Patched here means adding new assumptions, quite arbitrarily, simply because they would explain it better. In case of Doppler shifts new data shows not just expansion but accelerated expansion and accelerated expansion is impossible according to general relativity. What was the patch? Introduction of “dark energy”? How big is the input of this dark energy to expansion? 68% – over two thirds, but it keeps general relativity correct. I mean as long as you are content with the fact that some new and undeveloped theory accounts for two thirds of the time when general relativity is wrong. How new is this theory? Well, they gave Nobel Prize for discovery of acceleration only in 2011, basically five years ago. There’s no theory as such yet.

Are they going to admit that general relativity does not comply with experimental data and therefore should be abandoned? Nope, they are not even going to modify any time soon.

Science knows everything, right?

Vanity thought #1785. Pioneering value

This whole series of posts about pioneering came out backwards. At first I wanted to write something about a conversation on the value of these memories but then realized that retelling the memories themselves would be useful, too, so that’s what I have been doing for over a week now.

Once a had a chance to talk to one of ISKCON’s traveling sannyasis and initiating gurus. It was a little weird because I was sitting next to him while his disciples came in and offered full obeisances. It was some sort of a spiritual fair where ISKCON got a booth so I thought it would be okay if I don’t offer obeisances on seeing a sannyasi for the first time during the day, which is the rule best followed inside temples or dhamas, I think.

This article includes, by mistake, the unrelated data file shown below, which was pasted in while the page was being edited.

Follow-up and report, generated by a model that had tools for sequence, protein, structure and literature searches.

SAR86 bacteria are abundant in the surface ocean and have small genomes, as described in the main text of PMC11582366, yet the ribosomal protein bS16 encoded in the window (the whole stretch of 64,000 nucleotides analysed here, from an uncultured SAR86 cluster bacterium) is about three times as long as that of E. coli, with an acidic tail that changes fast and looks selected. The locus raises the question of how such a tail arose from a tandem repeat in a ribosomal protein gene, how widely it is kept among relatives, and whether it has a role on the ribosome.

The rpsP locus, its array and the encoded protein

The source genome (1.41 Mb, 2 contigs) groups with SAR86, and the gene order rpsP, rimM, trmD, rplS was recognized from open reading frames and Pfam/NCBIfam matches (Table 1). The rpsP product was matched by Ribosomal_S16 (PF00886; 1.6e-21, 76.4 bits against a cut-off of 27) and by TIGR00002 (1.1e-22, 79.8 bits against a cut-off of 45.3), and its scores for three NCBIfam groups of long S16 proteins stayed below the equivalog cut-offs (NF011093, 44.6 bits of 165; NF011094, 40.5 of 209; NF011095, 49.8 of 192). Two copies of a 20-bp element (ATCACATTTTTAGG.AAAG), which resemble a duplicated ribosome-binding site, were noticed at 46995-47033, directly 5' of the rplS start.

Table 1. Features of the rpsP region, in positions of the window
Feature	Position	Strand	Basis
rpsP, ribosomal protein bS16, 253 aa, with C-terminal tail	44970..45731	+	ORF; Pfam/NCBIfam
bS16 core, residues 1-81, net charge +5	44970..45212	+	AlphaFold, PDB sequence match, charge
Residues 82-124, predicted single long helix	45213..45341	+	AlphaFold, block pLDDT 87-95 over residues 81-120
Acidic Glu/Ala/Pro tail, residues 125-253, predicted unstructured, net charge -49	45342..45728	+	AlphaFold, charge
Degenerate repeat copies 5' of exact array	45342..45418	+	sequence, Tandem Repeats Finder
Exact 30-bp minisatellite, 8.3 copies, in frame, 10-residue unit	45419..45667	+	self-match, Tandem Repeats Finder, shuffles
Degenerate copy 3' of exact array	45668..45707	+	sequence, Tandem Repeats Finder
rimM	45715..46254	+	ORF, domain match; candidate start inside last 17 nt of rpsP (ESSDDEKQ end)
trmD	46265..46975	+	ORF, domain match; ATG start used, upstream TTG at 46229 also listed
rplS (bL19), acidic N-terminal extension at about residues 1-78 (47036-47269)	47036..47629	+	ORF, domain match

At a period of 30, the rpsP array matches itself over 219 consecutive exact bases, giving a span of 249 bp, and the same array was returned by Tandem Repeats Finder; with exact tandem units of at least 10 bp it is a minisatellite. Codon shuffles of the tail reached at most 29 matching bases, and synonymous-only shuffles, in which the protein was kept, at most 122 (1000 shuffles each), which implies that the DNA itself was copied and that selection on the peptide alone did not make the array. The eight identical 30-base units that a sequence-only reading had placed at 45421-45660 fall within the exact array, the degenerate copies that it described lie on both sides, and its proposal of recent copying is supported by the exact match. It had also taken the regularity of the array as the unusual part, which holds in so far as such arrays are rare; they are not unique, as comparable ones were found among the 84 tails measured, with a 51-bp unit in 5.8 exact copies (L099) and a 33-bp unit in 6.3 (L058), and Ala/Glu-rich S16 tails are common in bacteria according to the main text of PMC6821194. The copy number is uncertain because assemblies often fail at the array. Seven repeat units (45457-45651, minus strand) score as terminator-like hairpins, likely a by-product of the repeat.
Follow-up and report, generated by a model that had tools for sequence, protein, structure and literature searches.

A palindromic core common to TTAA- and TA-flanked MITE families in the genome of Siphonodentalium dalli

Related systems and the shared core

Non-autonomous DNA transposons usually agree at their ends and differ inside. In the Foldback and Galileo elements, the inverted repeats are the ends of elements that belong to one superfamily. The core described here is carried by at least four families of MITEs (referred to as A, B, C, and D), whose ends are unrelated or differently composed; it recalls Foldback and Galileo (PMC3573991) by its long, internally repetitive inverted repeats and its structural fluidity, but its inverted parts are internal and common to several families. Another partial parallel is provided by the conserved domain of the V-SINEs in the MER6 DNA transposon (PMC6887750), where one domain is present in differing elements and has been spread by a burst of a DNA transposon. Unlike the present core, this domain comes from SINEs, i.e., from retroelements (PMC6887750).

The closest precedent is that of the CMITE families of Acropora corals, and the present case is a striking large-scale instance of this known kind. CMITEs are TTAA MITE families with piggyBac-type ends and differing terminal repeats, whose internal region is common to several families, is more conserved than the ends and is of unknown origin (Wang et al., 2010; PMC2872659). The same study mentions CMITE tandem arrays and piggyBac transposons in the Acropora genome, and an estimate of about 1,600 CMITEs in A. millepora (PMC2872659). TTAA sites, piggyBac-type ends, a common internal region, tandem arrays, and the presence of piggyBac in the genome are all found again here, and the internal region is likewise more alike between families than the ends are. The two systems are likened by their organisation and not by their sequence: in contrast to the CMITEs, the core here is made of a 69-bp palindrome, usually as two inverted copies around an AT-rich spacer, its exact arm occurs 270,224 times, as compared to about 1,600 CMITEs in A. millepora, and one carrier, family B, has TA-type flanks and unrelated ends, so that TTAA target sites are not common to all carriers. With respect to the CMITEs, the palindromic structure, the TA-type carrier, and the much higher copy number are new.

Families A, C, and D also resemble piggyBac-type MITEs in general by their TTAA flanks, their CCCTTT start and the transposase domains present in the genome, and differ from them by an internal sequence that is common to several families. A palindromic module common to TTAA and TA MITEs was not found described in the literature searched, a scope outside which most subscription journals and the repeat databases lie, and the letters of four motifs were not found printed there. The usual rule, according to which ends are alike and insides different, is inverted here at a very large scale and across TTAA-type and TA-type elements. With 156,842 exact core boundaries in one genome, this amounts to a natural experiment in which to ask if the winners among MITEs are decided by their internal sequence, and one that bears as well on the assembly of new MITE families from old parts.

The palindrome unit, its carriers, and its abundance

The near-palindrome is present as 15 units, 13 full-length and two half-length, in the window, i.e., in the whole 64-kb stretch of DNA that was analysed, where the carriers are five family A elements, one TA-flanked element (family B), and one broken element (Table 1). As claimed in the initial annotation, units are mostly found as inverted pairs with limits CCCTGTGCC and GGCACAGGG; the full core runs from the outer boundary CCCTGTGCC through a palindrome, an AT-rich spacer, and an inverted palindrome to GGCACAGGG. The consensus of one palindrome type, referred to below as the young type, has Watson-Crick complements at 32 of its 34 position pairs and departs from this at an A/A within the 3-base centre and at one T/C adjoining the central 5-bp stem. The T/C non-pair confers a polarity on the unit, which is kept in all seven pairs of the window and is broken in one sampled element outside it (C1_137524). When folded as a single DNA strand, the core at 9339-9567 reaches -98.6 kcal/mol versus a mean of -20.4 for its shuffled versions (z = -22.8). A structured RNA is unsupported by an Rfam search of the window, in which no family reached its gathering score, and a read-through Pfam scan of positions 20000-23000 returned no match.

Because it was a fair I remembered Kirtiraja’s story of Moscow International Book Fair of 1979, which I covered here in one of the previous posts. I showed up there on a weekday, which was slow, and so there were only few devotees there, hardly any visitors, and there was no prasadam. The plan was to bring prasadam for distribution on weekend.

One story led to another and pretty soon I told maharaja everything I ever heard of those days, though sometimes he’d say “Oh, yes, this was told by Bhakti Vaibhava Svami” so I didn’t repeat that which he already knew. I genuinely thought he’d be impressed but all he said afterwards was “That was pioneering days, now our mission is different”. This has struck me.

At first I tried to argue: “But there are no official ISKCON temples in China, isn’t preaching there pioneering, too? – I’ve been going there for thirty years,” maharaja replied. Okay, what about this country and that? “Been going there for twenty years.” Okay, but China is such a large country, how many places have you visited? “About a hundred.” It was impenetrable so I had to think about this back at home.

Is there a value in these memories when tasks and goals of our society have changed? I’m not sure we are doing very well with nurturing existing devotees but that is also beside the point – what is the current value of our old preaching efforts?

I realize that people reading this blog might be bored to death with stories about Russia and sankirtana devotees they’ve never met and whose names I didn’t disclose on purpose. It’s not something I think about day and night either. Should I just let it go and concentrate on our current lives instead, talk about something relevant to people of this day and age?

I don’t think I will ever abandon my memories, or even memories I received from other people and which I cherish as if they were my own. There are two ways I justify this attachment.

One is that these pastimes are as transcendental as those of Lord Caitanya and His associates, and later of their followers. Someone might find it somewhat blasphemous but that’s how Lord Caitanya’s mercy has been manifested before my eyes and so to me it feels even more transcendental than pastimes from several hundred years ago I can’t easily relate to.

Anything related to spreading Lord Caitanya’s mission and attracting people to Krishna is legitimately transcendental. I didn’t see much of it this way when I lived through it myself but appreciation has been growing gradually over the years. It might be the case of me romanticizing my past but I think it’s a wrong way to look at it.